It is the ultimate play area in addition to being a safe jumping unit. There are no springs and the frame is far beneath the jumping area—this reduces the risk of injury. It is 30 times more shock absorbent than other pads and has a flexi-net enclosure to help cushion jumps and falls.

The quality of the Springfree seems impressive.  The high price no doubt scares people away, so there is little public feedback of the unit. But from what we see, it is one of the best units out there.

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Kids trampolines (4 – 7 feet)

A quick story about kids trampolines. I remember when my daughter wanted to graduate from a small toddler trampoline to something bigger. But she wasn’t quite ready for a large adult sized trampoline. I wanted something where she could learn the fundamentals of a trampoline, and also one that could be used both indoors and outdoors. Going against my better judgement, I decided to buy a cheap unit from a dealer in the neighboring county. I think the brand was ‘Jump Max’, or something like that. It was a purchase purely motivated by the cheap price.

I can’t say it was the greatest purchase I ever made. The materials were ok, but the design was ‘weak sauce’, to use a popular term. Instead of springs, it used some kind of rubber attachment that never quite worked right. The following spring, after an icy winter, the unit was shot.  But the experience taught me what to look for, and prepared me to make better purchases in the future.

Easier Choices Nowadays

Today, the choices for consumers in the 4 – 7 ft. category are much easier.  For some reason, the products in this category are either terrible, like the Pure Fun 55-Inch Kid’s Trampoline and Enclosure Set – just look at the scary reviews –, or are awesome, like the My First Indoor/Outdoor Trampoline Combo with Enclosure. The second review on this page shows 1 star, but if you read through it, it is clear she actually loves the unit.

Even better is the SkyBound Super 7 Kid’s Indoor/Outdoor Trampoline.  Both of these trampolines cost around $200.  That may seem a bit pricey for a toddler’s trampoline. But quite frankly, the other units for sale all have reviews that give me pause for concern.  These two units, in contrast, have a much stronger review profile.

The “SkyBound Super 7” really piques my interest. It isn’t your average kid’s trampoline. It has a really neat plastic frame that is super sturdy and durable. At only 62 lbs, it is lightweight for indoor and outdoor transporting. This is a solid trampoline to teach jumping fundamentals and for the kids to just jump on and have a blast!

Indoor toddler trampolines

Reader guest post by Melchior “Melky” Lainez

The little ones sure do love keep busy and active. It can be easy for a parent to place their kids in front of the television for their favorite cartoons or learning programs, but keeping them moving is a better option. The U.S. Department of Health and Human Services recommends that toddlers should have at least 60 minutes of active aerobic exercise daily.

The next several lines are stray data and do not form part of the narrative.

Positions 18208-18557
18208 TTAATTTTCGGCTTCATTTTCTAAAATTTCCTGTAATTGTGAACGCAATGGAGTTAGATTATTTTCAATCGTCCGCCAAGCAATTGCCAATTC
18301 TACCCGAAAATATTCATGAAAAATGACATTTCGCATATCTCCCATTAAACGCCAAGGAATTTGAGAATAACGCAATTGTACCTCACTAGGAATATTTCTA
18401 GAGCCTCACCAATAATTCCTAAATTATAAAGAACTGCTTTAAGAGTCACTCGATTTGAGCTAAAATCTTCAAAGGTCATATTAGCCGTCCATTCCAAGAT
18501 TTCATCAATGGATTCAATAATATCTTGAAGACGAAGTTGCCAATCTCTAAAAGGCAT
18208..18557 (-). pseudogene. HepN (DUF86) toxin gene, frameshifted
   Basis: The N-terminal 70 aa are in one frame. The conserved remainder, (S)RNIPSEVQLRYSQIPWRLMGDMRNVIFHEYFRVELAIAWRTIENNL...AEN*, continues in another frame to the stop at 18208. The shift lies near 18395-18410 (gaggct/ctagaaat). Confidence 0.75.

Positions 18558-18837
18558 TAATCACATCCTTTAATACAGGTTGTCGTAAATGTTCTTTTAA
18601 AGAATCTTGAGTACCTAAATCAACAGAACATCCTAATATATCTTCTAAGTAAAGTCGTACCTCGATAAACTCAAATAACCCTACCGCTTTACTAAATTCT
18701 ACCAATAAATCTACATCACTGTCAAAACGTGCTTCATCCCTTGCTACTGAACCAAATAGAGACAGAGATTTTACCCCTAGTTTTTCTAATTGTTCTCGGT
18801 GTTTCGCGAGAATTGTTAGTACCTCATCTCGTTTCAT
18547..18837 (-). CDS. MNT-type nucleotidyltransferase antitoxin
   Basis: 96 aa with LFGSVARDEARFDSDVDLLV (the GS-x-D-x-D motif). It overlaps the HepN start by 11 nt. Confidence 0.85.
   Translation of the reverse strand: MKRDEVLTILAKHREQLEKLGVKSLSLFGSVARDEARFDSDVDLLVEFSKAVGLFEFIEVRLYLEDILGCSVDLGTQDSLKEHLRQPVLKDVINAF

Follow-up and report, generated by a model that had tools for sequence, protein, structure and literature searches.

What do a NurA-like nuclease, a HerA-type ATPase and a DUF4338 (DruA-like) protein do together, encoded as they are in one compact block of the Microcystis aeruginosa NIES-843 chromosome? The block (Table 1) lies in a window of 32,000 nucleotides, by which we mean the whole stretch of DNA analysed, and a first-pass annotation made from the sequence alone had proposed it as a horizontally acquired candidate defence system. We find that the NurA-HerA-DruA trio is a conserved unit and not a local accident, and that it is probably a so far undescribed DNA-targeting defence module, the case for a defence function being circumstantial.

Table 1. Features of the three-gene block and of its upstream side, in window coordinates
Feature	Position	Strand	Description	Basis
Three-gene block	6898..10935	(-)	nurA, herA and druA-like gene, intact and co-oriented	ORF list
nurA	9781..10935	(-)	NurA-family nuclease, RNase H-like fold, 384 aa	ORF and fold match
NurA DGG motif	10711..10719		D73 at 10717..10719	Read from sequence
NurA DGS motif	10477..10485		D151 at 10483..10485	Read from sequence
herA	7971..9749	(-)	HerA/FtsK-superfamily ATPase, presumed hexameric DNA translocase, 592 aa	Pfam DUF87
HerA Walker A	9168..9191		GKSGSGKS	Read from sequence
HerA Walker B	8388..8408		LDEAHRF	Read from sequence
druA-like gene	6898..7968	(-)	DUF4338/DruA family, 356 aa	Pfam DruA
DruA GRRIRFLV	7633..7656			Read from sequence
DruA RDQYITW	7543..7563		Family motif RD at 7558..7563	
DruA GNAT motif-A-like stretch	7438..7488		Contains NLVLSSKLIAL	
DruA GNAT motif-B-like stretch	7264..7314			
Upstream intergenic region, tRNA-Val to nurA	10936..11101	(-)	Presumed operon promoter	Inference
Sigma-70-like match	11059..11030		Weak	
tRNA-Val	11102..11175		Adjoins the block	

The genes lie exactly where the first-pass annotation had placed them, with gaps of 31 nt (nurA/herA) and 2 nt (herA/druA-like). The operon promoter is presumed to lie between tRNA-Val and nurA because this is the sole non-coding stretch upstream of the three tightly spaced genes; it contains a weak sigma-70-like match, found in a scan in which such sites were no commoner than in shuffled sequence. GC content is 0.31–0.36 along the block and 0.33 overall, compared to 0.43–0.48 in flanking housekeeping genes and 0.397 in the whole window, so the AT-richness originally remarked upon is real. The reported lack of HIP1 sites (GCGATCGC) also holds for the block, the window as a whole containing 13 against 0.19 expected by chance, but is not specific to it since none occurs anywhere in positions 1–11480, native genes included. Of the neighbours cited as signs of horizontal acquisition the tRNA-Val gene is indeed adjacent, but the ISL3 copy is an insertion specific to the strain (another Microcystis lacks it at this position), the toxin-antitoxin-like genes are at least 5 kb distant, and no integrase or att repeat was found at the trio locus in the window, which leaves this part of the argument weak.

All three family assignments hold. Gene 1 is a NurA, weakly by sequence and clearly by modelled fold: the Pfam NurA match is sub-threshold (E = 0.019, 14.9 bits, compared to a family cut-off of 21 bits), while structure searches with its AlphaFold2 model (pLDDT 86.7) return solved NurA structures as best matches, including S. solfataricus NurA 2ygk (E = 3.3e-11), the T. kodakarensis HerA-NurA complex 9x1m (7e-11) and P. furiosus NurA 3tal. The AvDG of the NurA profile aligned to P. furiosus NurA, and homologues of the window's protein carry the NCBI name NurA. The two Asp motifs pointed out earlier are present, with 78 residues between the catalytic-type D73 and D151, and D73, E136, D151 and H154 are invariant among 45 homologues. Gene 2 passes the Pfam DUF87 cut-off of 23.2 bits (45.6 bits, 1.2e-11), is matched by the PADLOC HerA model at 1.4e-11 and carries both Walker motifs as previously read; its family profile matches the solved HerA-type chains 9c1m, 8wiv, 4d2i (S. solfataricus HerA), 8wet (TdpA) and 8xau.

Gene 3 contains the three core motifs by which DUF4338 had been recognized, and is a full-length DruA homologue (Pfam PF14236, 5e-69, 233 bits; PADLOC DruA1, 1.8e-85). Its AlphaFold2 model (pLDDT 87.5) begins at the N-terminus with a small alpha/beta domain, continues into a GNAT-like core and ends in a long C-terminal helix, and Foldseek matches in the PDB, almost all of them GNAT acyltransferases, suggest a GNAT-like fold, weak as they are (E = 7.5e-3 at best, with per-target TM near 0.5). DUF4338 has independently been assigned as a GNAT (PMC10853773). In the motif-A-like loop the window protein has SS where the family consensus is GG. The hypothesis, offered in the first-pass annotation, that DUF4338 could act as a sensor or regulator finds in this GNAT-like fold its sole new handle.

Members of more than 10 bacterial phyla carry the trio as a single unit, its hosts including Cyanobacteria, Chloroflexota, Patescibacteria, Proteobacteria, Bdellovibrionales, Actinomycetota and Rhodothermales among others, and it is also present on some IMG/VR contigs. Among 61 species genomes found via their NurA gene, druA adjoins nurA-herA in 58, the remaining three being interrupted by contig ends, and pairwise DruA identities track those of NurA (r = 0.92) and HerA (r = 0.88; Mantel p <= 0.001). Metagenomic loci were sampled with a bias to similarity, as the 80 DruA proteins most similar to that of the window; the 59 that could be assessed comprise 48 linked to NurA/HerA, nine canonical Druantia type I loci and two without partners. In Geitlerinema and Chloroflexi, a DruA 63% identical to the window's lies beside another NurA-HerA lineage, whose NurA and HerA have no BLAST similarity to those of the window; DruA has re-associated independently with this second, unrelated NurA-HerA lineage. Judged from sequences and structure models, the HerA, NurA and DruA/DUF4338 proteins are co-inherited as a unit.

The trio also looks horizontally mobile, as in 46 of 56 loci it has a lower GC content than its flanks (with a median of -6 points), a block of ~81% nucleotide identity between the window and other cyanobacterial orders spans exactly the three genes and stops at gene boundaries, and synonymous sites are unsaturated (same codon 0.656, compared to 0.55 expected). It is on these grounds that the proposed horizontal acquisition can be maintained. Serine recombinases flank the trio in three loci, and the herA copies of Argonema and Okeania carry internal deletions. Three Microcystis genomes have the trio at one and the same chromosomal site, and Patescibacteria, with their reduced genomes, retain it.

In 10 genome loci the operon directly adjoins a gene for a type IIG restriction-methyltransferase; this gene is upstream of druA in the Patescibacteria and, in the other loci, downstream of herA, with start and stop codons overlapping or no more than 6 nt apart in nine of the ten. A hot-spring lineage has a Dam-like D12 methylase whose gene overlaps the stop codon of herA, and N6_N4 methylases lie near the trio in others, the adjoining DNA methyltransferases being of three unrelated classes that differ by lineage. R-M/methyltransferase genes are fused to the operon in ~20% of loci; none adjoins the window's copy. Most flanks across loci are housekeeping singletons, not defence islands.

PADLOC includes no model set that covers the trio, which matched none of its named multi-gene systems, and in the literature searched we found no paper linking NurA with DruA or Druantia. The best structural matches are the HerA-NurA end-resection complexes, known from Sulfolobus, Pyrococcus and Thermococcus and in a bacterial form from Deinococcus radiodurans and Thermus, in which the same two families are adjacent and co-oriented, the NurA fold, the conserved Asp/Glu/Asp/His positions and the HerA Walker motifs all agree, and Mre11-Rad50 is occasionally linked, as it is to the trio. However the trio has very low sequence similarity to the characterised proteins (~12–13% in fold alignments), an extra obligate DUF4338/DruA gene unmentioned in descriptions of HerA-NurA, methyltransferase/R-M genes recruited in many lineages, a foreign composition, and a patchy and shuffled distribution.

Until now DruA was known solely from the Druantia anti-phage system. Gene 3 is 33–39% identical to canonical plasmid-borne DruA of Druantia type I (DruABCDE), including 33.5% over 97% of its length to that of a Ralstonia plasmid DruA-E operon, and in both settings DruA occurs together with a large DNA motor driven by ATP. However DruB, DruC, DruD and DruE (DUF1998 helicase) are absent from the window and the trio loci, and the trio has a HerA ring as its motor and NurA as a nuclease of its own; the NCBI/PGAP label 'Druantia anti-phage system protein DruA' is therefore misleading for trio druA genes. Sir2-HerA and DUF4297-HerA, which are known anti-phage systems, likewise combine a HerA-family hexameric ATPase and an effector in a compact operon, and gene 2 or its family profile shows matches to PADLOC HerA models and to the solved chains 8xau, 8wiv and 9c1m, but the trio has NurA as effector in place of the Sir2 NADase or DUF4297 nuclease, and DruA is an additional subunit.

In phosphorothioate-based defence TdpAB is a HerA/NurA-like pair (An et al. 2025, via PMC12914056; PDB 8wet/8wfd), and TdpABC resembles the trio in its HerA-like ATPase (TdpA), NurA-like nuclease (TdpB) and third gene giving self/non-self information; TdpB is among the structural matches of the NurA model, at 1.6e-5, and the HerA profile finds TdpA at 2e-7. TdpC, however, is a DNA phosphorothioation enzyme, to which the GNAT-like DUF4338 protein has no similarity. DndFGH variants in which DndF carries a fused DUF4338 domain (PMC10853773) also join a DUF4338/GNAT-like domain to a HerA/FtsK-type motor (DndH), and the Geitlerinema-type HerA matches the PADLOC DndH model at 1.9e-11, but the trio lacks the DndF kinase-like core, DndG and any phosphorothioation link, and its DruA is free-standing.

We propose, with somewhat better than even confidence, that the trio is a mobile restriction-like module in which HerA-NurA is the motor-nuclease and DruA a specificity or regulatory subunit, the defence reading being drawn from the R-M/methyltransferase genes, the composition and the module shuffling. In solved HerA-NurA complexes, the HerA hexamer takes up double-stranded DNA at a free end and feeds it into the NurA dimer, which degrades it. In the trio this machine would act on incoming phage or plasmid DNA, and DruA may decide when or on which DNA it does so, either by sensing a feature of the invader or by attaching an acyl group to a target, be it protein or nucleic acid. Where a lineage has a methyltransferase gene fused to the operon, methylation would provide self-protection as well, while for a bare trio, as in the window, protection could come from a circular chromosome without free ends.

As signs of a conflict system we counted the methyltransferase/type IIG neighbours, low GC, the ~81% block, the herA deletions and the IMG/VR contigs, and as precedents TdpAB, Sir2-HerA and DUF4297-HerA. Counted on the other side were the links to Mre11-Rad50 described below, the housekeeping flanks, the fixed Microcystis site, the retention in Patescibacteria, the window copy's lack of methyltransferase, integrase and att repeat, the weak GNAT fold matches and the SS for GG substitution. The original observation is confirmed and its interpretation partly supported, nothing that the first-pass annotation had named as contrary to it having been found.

While my toddler is very active, there are days that when she does not attend pre-school or her play group that she is somewhat sedentary at times. I decided to purchase an indoor toddler trampoline for the upcoming winter months, to assure she remained active and healthy. I eventually chose the Diggin JumpStart.

Diggin JumpStart trampoline is a great buy
l love the ‘bicycle’ handlebars.

My daughter just loved it. It had a simple design and the price was less than a week’s worth of groceries! So it was affordable! This trampoline is triangle shaped and is somewhat reminiscent of a scooter or bike—which is why she loved it! You can check out my full review of it here.

It is a great piece that allows her to really get good use out of her legs while she gets full support from the front handles. We could also easily take it outside because it is lightweight and portable.

We also looked at The Lily Pad Adventure Bouncer by Skywalker. This trampoline also got nice reviews, but some reviewers said it was more appropriate for children aged two and less. It has a safety enclosure and other great safety features such as:

  • A 360 degree handle for great grip support.
  • Gap-free enclosure
  • Stretch bands without springs

But in the end, we felt that clearly, the Diggin Jumpstart was better.  So, if you are looking for a trampoline for small tots, this is one to consider.

Indoor mini-fitness trampolines

Reader guest post by Silvia Hristakis (thank you Silvia!)

When I started my fitness journey, I really wanted to incorporate an indoor mini fitness trampoline into my workout program. I tried many, but purchased the Marcy Cardio Trampoline Trainer.

I absolutely love it. It is a compact trampoline that has many different options to bring to my fitness routine. It’s foldable, which is a plus for me as I am an apartment dweller. It does not come with a carry-on bag—but I am not planning on bringing it anywhere. My grandma still thinks I’m nuts for even using a trampoline – if I brought it with me when I go visit her, she really would start to get concerned about me!